@dmc: With that you wrote: It works. But it does'nt answer my question –  Christian Jan 13 '12 at 17:04
Could it be a compiler error when Im declaring different sizes inside a struct? –  Christian Jan 13 '12 at 17:09
I thought I'd explain since I apparently confused the conversation with my assumption that int was 32 bit. The proof was the type definitions, it's an 18Cxx PIC which has int16_t integers. What happens is that the two 16-bit values are promoted to int (signed int16 since one of them is) and multiplied, with the overflow thrown away. After that they're promoted to 24 bit due to the assignment (int24_t fascinatingly actually is 24 bits on this architecture) The line above solves the situation by promoting both factors to 24 bits before multiplication, thus not generating any overflow. –  Joachim Isaksson Jan 13 '12 at 18:08
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My system doesn't have an int24_t, so as some comments have said, where is that coming from?

After Joachim's comment, I wrote up a short test:

#include <stdint.h>
#include <stdio.h>

int main() {
        uint16_t a = 2000, b = 57;
        uint16_t c = a * b;
        printf("%x\n%x\n", a*b, c);



So you're getting the first 2 bytes, consistent with an int16_t. So the problem does seem to be that your int24_t is not defined correctly.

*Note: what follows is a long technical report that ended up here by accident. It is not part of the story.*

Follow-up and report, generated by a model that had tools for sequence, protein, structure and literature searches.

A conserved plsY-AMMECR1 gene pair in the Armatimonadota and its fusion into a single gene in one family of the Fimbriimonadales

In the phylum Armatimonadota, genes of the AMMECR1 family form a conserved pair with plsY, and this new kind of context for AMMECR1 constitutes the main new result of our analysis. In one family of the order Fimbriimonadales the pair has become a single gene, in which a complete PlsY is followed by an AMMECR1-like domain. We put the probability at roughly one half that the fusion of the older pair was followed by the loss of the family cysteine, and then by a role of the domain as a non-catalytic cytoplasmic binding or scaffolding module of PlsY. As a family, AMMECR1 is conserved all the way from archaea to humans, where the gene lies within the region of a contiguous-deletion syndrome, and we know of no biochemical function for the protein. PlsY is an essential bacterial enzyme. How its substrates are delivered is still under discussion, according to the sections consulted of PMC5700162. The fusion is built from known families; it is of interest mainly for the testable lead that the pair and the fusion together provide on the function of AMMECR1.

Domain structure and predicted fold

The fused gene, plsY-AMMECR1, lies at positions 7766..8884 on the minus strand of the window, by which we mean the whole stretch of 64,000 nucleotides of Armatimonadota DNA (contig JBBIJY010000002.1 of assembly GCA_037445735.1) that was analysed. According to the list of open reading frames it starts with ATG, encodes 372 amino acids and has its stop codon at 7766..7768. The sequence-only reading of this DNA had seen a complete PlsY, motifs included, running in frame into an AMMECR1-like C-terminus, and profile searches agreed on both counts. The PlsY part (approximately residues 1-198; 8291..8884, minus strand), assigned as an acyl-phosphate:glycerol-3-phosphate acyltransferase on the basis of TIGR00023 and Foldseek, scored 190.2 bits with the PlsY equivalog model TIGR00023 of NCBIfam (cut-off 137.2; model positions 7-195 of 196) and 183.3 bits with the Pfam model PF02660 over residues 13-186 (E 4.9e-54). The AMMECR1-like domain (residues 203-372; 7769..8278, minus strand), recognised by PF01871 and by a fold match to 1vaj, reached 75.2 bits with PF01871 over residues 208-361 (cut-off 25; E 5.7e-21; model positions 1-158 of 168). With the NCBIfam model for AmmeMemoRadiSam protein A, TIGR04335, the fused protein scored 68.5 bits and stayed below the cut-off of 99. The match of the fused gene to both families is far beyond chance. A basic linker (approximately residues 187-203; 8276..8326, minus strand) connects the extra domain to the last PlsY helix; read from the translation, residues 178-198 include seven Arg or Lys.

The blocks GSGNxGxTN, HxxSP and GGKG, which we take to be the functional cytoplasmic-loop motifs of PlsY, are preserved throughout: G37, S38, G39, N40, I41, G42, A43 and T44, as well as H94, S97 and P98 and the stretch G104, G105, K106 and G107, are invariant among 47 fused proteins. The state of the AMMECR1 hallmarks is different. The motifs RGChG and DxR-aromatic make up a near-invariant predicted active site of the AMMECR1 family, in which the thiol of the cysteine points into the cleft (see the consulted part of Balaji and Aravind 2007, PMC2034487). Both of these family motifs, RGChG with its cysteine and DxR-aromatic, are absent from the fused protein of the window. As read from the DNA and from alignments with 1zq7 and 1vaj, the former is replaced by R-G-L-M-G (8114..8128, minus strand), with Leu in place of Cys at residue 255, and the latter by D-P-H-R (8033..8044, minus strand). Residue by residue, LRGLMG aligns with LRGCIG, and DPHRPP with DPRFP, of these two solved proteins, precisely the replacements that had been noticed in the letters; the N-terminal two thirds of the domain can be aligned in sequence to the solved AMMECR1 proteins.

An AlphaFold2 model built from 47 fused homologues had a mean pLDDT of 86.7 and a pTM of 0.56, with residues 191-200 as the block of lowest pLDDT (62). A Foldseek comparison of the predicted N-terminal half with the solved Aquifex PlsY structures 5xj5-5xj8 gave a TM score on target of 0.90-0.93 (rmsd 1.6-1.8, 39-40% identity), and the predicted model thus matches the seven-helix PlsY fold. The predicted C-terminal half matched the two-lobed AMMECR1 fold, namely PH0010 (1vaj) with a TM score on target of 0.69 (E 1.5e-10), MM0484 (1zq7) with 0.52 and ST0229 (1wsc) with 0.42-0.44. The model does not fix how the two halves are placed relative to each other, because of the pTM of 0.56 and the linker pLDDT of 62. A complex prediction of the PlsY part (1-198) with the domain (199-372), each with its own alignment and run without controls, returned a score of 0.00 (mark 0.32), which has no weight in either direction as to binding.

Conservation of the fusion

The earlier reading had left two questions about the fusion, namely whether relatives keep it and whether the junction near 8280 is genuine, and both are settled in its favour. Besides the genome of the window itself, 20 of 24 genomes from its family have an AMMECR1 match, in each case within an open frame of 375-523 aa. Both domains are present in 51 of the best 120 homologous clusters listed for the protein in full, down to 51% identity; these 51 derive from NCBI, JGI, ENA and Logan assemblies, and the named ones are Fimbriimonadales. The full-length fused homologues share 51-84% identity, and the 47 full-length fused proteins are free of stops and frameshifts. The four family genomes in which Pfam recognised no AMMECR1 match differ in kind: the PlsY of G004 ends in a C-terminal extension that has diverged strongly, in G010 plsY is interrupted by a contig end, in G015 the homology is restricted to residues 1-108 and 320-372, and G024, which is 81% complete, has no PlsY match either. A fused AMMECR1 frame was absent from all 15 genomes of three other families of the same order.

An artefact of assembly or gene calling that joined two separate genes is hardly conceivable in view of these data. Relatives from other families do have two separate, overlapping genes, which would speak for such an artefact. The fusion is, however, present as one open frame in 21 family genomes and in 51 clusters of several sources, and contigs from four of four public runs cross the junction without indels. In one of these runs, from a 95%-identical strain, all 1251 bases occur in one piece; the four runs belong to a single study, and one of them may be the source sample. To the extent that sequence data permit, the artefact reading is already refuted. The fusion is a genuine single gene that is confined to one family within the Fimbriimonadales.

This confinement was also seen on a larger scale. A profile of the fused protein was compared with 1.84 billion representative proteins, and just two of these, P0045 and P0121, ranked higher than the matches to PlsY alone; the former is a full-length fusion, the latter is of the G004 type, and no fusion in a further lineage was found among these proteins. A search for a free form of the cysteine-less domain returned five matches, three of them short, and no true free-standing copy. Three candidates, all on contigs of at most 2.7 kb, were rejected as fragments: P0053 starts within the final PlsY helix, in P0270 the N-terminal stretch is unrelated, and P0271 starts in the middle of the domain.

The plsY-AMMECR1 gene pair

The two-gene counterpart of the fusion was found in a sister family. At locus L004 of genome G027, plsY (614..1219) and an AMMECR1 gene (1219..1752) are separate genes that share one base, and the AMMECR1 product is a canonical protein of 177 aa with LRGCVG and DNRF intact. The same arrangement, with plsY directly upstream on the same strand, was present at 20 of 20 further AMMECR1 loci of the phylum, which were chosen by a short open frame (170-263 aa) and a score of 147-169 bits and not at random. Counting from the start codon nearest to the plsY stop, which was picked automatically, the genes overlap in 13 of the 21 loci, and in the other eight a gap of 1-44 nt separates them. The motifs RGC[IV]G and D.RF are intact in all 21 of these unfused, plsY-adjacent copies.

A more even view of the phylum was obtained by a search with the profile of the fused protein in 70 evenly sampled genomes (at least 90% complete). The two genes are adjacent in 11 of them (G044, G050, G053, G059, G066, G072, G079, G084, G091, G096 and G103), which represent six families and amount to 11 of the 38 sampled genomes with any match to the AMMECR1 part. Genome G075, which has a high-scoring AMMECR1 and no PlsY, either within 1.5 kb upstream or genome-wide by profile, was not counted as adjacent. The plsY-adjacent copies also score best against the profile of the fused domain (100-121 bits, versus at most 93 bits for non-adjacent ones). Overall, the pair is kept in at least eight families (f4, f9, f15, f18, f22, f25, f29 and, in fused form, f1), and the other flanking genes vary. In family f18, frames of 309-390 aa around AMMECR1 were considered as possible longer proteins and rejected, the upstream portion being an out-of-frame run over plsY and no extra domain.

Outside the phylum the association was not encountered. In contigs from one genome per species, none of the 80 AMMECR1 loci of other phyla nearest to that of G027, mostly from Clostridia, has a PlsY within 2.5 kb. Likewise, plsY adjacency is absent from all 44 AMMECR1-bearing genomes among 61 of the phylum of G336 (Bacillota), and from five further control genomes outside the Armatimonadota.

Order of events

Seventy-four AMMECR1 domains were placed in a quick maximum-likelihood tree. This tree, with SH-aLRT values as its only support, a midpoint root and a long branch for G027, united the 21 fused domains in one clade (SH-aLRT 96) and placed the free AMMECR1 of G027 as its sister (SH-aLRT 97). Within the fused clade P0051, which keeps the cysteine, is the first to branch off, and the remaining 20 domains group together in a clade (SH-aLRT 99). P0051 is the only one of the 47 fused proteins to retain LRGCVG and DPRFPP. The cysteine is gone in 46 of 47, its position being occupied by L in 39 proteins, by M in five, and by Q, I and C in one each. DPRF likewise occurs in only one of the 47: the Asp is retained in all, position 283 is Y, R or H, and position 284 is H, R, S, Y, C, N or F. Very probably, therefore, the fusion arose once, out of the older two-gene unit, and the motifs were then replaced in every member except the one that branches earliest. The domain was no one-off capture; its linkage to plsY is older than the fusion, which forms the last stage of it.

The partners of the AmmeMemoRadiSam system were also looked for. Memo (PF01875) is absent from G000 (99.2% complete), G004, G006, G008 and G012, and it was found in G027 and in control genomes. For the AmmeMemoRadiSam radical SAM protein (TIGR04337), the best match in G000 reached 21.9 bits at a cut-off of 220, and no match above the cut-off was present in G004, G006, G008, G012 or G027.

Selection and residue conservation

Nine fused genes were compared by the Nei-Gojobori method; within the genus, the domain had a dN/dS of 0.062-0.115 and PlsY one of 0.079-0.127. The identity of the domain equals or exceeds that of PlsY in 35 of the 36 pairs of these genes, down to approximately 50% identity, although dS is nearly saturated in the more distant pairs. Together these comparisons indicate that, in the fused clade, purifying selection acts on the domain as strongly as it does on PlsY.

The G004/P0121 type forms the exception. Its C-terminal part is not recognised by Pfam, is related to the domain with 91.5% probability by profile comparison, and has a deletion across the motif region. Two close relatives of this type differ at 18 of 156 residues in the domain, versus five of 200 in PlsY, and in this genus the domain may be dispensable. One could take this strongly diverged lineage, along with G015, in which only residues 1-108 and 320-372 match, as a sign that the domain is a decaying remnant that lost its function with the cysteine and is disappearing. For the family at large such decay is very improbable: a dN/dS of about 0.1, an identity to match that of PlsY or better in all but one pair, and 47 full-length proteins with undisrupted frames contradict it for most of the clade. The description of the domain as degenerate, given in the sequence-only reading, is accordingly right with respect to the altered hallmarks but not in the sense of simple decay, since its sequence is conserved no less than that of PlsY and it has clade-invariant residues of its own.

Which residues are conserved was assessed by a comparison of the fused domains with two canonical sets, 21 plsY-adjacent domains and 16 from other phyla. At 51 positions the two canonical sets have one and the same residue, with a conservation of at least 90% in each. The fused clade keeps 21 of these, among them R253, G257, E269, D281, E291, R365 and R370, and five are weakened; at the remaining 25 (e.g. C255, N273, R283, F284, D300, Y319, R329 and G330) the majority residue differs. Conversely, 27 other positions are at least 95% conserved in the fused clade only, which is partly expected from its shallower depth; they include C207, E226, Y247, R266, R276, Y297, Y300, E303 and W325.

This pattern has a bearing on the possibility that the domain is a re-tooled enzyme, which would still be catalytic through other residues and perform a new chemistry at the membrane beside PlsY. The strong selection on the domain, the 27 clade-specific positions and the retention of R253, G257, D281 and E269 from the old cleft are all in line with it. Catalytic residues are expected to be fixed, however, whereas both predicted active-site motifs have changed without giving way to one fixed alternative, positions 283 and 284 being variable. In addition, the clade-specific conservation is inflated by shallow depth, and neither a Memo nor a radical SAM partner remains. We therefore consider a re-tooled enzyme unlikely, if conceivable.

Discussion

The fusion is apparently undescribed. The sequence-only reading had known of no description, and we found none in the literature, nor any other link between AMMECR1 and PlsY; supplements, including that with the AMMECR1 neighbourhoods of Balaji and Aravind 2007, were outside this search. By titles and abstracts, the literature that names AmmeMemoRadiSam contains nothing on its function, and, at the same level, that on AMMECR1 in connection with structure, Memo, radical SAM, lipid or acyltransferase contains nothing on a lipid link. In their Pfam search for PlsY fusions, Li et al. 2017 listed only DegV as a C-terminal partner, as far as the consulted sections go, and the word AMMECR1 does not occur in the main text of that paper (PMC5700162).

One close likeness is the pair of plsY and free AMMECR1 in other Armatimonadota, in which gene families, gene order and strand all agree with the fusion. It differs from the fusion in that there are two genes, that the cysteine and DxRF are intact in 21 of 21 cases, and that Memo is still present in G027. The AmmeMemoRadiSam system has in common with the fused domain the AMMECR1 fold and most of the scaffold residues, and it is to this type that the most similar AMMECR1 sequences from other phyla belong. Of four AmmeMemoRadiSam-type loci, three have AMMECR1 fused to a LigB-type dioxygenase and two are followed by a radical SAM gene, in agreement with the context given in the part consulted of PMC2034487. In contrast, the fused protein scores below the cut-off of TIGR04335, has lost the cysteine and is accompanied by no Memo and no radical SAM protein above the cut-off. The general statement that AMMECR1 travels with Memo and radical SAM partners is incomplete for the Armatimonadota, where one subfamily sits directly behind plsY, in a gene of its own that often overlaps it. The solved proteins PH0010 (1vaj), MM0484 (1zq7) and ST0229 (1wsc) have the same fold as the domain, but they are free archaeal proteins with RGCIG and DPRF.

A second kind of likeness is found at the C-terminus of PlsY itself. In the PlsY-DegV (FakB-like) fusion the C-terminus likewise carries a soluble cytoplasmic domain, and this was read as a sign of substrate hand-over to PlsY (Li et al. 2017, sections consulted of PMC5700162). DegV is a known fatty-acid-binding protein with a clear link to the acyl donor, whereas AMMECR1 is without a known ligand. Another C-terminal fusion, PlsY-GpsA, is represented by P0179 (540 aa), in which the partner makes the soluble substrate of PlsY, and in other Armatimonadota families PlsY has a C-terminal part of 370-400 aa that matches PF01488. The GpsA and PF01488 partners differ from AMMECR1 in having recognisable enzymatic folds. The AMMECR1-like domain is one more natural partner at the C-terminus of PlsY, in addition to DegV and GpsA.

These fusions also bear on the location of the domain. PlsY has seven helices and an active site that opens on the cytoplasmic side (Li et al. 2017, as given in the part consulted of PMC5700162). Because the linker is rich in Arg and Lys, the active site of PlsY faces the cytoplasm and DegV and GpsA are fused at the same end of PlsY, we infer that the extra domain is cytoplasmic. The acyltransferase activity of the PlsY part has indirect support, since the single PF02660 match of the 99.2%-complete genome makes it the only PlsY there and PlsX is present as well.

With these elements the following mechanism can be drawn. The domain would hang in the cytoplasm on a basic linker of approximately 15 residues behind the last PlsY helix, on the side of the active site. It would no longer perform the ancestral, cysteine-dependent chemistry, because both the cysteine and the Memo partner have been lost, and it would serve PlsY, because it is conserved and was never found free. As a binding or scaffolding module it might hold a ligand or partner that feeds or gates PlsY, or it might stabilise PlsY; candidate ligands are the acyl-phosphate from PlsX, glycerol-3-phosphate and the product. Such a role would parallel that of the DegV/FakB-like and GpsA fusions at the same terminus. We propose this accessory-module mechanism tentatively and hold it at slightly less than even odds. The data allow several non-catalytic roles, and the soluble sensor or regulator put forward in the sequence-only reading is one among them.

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I'm pretty sure the values are guaranteed to be promoted to int before they're multiplied. Assuming a 32 bit architecture, the result should be correct without casts. –  Joachim Isaksson Jan 13 '12 at 15:20
@JoachimIsaksson If you can find that in the ISO standard, I'll change or remove my answer. –  Kevin Jan 13 '12 at 15:29
Only found a draft, clearest in open-std.org/jtc1/sc22/wg14/www/docs/n1124.pdf page 14 Example 2; In executing the fragment char c1, c2; /* ... */ c1 = c1 + c2; the ‘‘integer promotions’’ require that the abstract machine promote the value of each variable to int size and then add the two ints and truncate the sum. –  Joachim Isaksson Jan 13 '12 at 15:42
@JoachimIsaksson Yes, I also wrote a short test program and updated my post accordingly. –  Kevin Jan 13 '12 at 15:49
@JoachimIsaksson: The assumption (32bit) seems to be wrong. PIDs are widely used in embedded control systems, where 16bit micros are still common. So, I guess dmc's answer is correct. –  undur_gongor Jan 13 '12 at 16:52
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As others have pointed out, your int24_t appears to be defined to be 16 bits. Beside the fact that it's too small, you should be careful with this type definition in general. stdint.h specifies the uint_Nt types to be exactly N bits. So assuming your processor and compiler don't actually have a 24-bit data type, you're breaking with the standard convention. If you're going to end up defining it as a 32-bit type, it'd be more reasonable to name it uint_least24_t, which follows the pattern of integer types that are at least big enough to hold N bits. The distinction is important because somebody might expect uint24_t to rollover above 16777215.